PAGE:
2013 Rustbelt RNA Meeting
The U1A/U2B´´/SNF family of snRNP proteins has been highly conserved, as indicated by the 70% homology between their first (and RNA binding) RRMs. However, despite their high degree of sequence similarity, each exhibits unique RNA binding properties. Previously, in an effort to understand the evolutionary pressures that have lead to this functional divergence, we reconstructed the protein phylogeny and discovered that the last common ancestor between humans (U1A & U2B´´) and Drosophila (SNF) contained a single ancestral protein (URB). We have gone on to further examine the reconstructed phylogenetic tree to investigate the changes that occurred as the proteins evolved toward the modern vertebrate specimens. Specifically, the predecessors of modern U1A and U2B´´resulted from a gene duplication in ancestors of jawed vertebrates. We have constructed proteins along the lineage from URB to U1A/U2B´´ and investigated their RNA binding affinity and specificity. Using modern U1 snRNA Stemloop II and U2 snRNA Stemloop IV, and selected mutations, we are mapping the path of protein changes that lead to specific RRM recognition. Supported by NIH R01 GM096444 to KBH, F31 GM089576 to SGW.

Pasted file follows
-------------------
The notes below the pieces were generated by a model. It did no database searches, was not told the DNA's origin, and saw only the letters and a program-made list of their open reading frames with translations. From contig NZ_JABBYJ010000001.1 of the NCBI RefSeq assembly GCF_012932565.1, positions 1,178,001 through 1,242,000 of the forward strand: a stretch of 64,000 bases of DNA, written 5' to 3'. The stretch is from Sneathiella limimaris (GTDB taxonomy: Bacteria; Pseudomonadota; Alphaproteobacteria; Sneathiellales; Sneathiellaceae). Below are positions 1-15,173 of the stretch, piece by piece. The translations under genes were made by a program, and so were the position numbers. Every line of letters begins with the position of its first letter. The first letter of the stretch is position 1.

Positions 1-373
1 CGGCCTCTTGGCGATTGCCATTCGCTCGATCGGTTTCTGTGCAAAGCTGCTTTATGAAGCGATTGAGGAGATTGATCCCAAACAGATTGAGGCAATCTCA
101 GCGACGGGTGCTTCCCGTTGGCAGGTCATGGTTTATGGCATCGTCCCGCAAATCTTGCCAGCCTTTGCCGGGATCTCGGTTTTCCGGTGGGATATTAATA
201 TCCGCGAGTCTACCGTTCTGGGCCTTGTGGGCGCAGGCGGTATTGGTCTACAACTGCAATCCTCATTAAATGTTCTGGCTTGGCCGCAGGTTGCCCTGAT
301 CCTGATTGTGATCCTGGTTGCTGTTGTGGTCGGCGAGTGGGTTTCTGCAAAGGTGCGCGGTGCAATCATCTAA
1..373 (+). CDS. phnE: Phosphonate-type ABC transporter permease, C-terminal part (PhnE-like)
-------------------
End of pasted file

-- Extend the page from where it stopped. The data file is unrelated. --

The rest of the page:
Williams and Hall (2013) JMB E-pub ahead of print.
Keywords: snRNP, RRM, evolution